Some scientists believe there is a close connection between consciousness and reflective cognition – the brain’s ability to access and use information to make decisions. This leads them to think that the brain’s prefrontal cortex – where the high-level processes of acquiring knowledge take place – is essentially involved in all conscious experience. Others deny this, arguing instead that it happens in whichever local brain region that the relevant sensory processing takes place.
Scientists have good understanding of the brain’s basic chemistry. We have also made progress in understanding the high-level functions of various bits of the brain. But we are almost clueless about the bit in-between: how the high-level functioning of the brain is realised at the cellular level.
People get very excited about the potential of scans to reveal the workings of the brain. But fMRI (functional magnetic resonance imaging) has a very low resolution: every pixel on a brain scan corresponds to 5.5 million neurons, which means there’s a limit to how much detail these scans are able to show.
I believe progress on consciousness will come when we understand better how the brain works.
Pause in development
As I argue in my forthcoming book “Why? The Purpose of the Universe”, consciousness must have evolved because it made a behavioural difference. Systems with consciousness must behave differently, and hence survive better, than systems without consciousness.
If all behaviour was determined by underlying chemistry and physics, natural selection would have no motivation for making organisms conscious; we would have evolved as unfeeling survival mechanisms.
My bet, then, is that as we learn more about the brain’s detailed workings, we will precisely identify which areas of the brain embody consciousness. This is because those regions will exhibit behaviour that can’t be explained by currently known chemistry and physics. Already, some neuroscientists are seeking potential new explanations for consciousness to supplement the basic equations of physics.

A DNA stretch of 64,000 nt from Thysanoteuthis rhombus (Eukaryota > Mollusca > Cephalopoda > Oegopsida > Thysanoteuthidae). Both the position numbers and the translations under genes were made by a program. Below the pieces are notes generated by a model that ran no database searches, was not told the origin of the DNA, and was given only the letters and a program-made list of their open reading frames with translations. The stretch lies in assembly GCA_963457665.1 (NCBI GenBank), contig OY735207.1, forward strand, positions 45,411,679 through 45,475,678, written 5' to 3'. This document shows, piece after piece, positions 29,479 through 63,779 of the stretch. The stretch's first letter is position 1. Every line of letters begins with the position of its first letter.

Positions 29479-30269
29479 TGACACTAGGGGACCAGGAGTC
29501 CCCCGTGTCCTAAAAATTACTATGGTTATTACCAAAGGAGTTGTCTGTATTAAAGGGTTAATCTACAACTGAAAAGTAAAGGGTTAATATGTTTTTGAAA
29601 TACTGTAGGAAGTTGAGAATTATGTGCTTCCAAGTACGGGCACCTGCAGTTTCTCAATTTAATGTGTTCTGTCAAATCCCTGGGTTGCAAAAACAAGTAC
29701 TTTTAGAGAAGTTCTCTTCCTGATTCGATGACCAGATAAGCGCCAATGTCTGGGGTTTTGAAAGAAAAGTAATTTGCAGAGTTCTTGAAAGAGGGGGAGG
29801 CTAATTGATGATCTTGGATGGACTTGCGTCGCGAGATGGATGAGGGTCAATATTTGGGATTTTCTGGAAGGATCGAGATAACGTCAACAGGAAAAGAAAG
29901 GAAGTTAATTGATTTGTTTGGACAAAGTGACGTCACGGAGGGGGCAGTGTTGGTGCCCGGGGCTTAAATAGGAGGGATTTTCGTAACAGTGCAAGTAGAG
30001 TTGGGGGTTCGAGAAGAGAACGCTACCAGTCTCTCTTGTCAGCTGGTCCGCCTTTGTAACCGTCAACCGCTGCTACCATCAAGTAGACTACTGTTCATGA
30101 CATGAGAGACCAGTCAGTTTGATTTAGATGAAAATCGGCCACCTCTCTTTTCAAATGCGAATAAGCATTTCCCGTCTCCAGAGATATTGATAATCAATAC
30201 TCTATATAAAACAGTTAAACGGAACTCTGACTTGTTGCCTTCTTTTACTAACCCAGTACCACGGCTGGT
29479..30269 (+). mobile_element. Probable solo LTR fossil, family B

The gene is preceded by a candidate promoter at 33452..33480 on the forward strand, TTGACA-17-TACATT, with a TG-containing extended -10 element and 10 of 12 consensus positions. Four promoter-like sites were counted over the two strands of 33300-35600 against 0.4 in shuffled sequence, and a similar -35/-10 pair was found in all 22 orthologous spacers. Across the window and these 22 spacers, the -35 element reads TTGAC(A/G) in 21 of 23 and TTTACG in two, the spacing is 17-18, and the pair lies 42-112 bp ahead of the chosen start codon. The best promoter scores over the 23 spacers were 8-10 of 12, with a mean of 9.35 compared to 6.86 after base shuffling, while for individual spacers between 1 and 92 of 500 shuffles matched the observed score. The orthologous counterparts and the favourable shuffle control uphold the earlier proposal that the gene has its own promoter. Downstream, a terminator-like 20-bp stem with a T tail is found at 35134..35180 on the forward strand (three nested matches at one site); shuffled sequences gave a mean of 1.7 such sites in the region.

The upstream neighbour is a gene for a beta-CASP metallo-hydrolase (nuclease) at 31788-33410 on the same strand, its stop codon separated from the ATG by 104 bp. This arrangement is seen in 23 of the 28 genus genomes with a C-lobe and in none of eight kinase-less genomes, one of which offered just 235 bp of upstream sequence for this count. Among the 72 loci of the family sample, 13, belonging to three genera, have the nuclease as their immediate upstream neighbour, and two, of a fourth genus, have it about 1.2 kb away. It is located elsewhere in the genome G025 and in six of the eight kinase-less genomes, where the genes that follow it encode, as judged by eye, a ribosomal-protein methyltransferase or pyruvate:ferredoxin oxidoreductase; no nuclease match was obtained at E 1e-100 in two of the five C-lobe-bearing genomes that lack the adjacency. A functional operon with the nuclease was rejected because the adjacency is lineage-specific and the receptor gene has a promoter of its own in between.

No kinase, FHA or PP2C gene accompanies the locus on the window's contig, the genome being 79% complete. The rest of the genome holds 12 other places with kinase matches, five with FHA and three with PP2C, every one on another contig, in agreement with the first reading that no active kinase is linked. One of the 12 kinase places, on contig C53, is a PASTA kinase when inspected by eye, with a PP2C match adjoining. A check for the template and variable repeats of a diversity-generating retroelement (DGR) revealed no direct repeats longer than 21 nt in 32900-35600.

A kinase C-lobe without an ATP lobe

While the processing of LLMs is now too complex for us to fully understand, we know that it could in principle be predicted from known physics. On this basis, we can confidently assert that ChatGPT is not conscious.
There are many dangers posed by AI, and I fully support the recent call by tens of thousands of people, including tech leaders Steve Wozniak and Elon Musk, to pause development to address safety concerns. The potential for fraud, for example, is immense. However, the argument that near-term descendants of current AI systems will be super-intelligent, and hence a major threat to humanity, is premature.
This doesn’t mean current AI systems aren’t dangerous. But we can’t correctly assess a threat unless we accurately categorise it. LLMs aren’t intelligent. They are systems trained to give the outward appearance of human intelligence. Scary, but not that scary.
Associate Professor of Philosophy, Durham University
This article was first published on The Conversation and is republished under the Creative Commons Licence